Jehoshaphat and Ahab 2 Chronicles 18

Jehoshaphat and Ahab 2 Chronicles 18

2 Chronicles 18:1-4 NLTse (1) Jehoshaphat enjoyed great riches and high esteem, and he made an alliance with Ahab of Israel by having his son marry Ahab’s daughter. (2) A few years later he went to Samaria to visit Ahab, who prepared a great banquet for him and his officials. They butchered great numbers of sheep, goats, and cattle for the feast. Then Ahab enticed Jehoshaphat to join forces with him to recover Ramoth-gilead. (3) “Will you go with me to Ramoth-gilead?” King Ahab of Israel asked King Jehoshaphat of Judah. Jehoshaphat replied, “Why, of course! You and I are as one, and my troops are your troops. We will certainly join you in battle.” (4) Then Jehoshaphat added, “But first let’s find out what the LORD says.”

After seeing numerous blessings from God and building up his military strength, Jehoshaphat received an invitation from Ahab, king of Israel, the ten northern tribes. They’ve been enemies for generations. Jehoshaphat may have seen the invitation as a way of meeting an accord between the two countries who shared so much history.

This shows how kings paid attention to other nations, and how some people find something in common with their worst enemies, as soon as they see how developing alliances can work to their advantage. That is another human trait we should know about and come to expect.

The Tabernacle, Temple, and Sanctuary: 2 Chronicles
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People seem to have a lot of friends as soon as they have money. The wealthier you are, the more friends you seem to have. Win the lottery and you’ll receive letters from people you never knew, asking for favors. There is another human trait people have. When they see successful people, they tend to convince themselves, those people somehow owe them something. We see it in society today. Here we see how that attitude existed long before any of us had to deal with it.

There were certain draw backs to being a light to the world. Somehow Solomon was able to lead a somewhat peaceful kingdom with all the success and wealth he had. More people came to him to bring gifts than ask for favors. That is an unusual situation. It must have been the wisdom he shared with people, or gave in return for their gifts. Important people had this idea, they had to bring a gift to receive blessings in return.

Ahab didn’t offer Jehoshaphat any gifts other than to be seen with him. Ahab didn’t waste any time asking for a favor, “join forces with him to recover Ramoth-gilead.” Of course Ahab offered a banquet. Imagine putting your troops in harms way for a meal. That exchange didn’t seem fair. Jehoshaphat wasn’t the type of guy to give in so easily. After agreeing to go to war with Ahab, Jehoshaphat asked, “But first let’s find out what the LORD says.”

It may only seem natural for a man blessed by God to seek His advise before risking the lives of the men serving him. But why didn’t Jehoshaphat seek God’s advise before he went to visit Ahab? Did Jehoshaphat think he could mend years of rivalry and bloodshed on his own?

It always seems to happen. God blesses people, they get a little over confident, then begin making decisions on their own. Since much of this series of books dwelt with training priests, lets look at that from the aspect of a priest.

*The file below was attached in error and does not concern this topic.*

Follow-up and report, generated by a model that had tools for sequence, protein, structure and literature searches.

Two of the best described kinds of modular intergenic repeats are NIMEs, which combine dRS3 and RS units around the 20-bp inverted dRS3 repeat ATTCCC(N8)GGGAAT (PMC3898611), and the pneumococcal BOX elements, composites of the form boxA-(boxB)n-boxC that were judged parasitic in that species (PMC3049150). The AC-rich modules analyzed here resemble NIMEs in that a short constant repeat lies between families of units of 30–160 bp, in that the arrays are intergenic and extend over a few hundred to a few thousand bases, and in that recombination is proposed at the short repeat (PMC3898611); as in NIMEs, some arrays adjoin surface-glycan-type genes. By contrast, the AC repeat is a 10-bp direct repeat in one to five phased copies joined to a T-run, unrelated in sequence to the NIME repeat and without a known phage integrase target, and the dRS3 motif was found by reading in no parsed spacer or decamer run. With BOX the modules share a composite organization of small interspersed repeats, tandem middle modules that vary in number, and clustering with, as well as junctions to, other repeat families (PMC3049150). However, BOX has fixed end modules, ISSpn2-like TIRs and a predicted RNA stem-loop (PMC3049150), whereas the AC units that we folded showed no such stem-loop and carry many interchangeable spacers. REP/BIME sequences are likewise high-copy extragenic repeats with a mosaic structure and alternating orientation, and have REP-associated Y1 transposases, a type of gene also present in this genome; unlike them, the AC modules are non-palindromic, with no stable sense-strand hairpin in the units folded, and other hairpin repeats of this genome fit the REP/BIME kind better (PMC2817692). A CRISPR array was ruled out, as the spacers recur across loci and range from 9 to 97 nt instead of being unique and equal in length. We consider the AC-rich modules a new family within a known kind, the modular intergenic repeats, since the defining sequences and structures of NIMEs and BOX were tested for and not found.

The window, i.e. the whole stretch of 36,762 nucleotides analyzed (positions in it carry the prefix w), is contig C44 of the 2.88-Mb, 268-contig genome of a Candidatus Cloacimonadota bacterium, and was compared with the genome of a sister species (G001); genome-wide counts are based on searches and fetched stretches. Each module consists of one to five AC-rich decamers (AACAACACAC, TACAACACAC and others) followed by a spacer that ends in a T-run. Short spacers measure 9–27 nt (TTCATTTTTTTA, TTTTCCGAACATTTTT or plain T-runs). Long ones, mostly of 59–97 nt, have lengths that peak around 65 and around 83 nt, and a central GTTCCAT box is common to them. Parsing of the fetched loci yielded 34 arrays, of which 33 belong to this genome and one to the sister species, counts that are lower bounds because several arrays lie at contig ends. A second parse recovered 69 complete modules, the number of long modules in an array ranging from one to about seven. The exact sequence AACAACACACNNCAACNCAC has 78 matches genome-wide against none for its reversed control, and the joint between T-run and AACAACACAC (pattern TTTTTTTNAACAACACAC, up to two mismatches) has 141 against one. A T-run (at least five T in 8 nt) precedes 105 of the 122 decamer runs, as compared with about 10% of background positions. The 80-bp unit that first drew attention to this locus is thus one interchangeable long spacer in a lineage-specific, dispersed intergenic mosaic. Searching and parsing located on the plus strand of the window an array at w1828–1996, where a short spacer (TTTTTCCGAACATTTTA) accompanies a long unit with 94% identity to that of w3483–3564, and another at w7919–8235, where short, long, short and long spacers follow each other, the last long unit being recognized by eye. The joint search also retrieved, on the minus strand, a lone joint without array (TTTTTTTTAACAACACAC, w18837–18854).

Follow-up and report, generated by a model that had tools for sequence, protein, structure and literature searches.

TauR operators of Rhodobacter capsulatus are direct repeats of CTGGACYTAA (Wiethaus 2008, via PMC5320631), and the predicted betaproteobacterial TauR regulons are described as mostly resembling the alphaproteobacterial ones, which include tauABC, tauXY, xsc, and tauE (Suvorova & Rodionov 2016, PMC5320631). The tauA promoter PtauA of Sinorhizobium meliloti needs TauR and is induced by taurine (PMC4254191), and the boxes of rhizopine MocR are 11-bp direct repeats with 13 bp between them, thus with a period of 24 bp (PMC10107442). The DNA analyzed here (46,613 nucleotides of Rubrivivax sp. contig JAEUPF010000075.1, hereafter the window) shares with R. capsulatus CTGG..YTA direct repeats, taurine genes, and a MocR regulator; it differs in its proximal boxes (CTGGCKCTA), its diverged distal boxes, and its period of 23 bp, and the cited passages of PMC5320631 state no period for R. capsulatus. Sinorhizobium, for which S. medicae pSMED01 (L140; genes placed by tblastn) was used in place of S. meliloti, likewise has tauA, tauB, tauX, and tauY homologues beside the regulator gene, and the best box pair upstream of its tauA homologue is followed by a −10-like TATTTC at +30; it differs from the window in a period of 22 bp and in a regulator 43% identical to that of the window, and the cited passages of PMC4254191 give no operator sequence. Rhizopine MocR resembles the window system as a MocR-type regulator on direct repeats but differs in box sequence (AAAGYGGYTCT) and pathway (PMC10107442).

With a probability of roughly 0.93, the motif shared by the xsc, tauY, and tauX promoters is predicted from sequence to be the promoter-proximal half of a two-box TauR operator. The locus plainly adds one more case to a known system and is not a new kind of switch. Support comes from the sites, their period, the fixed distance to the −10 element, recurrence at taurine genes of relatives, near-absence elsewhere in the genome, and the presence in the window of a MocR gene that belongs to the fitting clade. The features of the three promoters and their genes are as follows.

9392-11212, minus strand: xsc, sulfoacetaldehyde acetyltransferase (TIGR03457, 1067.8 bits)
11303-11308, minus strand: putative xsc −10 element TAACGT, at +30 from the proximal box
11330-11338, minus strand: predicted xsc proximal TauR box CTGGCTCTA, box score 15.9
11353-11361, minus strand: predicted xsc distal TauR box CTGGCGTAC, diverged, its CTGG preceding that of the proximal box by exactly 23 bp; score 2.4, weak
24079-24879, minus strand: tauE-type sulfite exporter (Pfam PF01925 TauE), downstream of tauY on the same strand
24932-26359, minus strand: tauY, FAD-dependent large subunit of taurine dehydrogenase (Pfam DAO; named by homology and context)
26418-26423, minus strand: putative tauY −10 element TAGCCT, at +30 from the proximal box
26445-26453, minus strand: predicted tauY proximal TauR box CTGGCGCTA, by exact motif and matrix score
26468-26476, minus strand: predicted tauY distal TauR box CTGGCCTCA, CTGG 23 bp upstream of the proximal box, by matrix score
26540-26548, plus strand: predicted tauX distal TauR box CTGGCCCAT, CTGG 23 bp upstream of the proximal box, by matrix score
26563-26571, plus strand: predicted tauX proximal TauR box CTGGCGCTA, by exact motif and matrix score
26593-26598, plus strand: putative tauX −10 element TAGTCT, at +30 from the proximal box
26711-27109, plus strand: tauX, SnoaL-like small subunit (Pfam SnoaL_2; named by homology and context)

God gave Aaron and his sons explicit instructions. Moses gave detailed instructions on how priests dressed, where they ministered, every instrument they used, how and when they were to minister. The sacrificial system was at the center of those instructions. Included in those instructions was a list of how priests would be compensated for their services. What would happen if Aaron or his sons looked at how much God gave them, felt blessed, then began initiating a few changes to the system God gave them? Would that be acceptable?

Kings took over for lessons on the priesthood. The main difference being, many of the lessons kings taught were contrasts to lessons Moses and Joshua taught about the priesthood. Kings got the idea to sacrifice animals beyond what God instructed. The trouble with that is, people look at that as perfectly acceptable, because a king made the decision. God chose the first priests, but kings took over that responsibility for God. Once again, people look at that as perfectly acceptable because a king is doing it. Then people take that bad example one step further. Because we don’t have a king, we have to come up with another system to choose priests. The responsibility that should have always belonged to God took another step further away.


Is There a Prophet of God

2 Chronicles 18:5-8 NLTse (5) So the king of Israel summoned the prophets, 400 of them, and asked them, “Should we go to war against Ramoth-gilead, or should I hold back?” They all replied, “Yes, go right ahead! God will give the king victory.” (6) But Jehoshaphat asked, “Is there not also a prophet of the LORD here? We should ask him the same question.” (7) The king of Israel replied to Jehoshaphat, “There is one more man who could consult the LORD for us, but I hate him. He never prophesies anything but trouble for me! His name is Micaiah son of Imlah.” Jehoshaphat replied, “That’s not the way a king should talk! Let’s hear what he has to say.” (8) So the king of Israel called one of his officials and said, “Quick! Bring Micaiah son of Imlah.”

Here we see how so called prophets agreed with the king, no matter what his plans were. They were more like cheerleaders than consultants. In the business world we would call them, yes men. People who stand around and are paid to agree with whatever ideas and plans the boss has. One illustration of money is power in this world.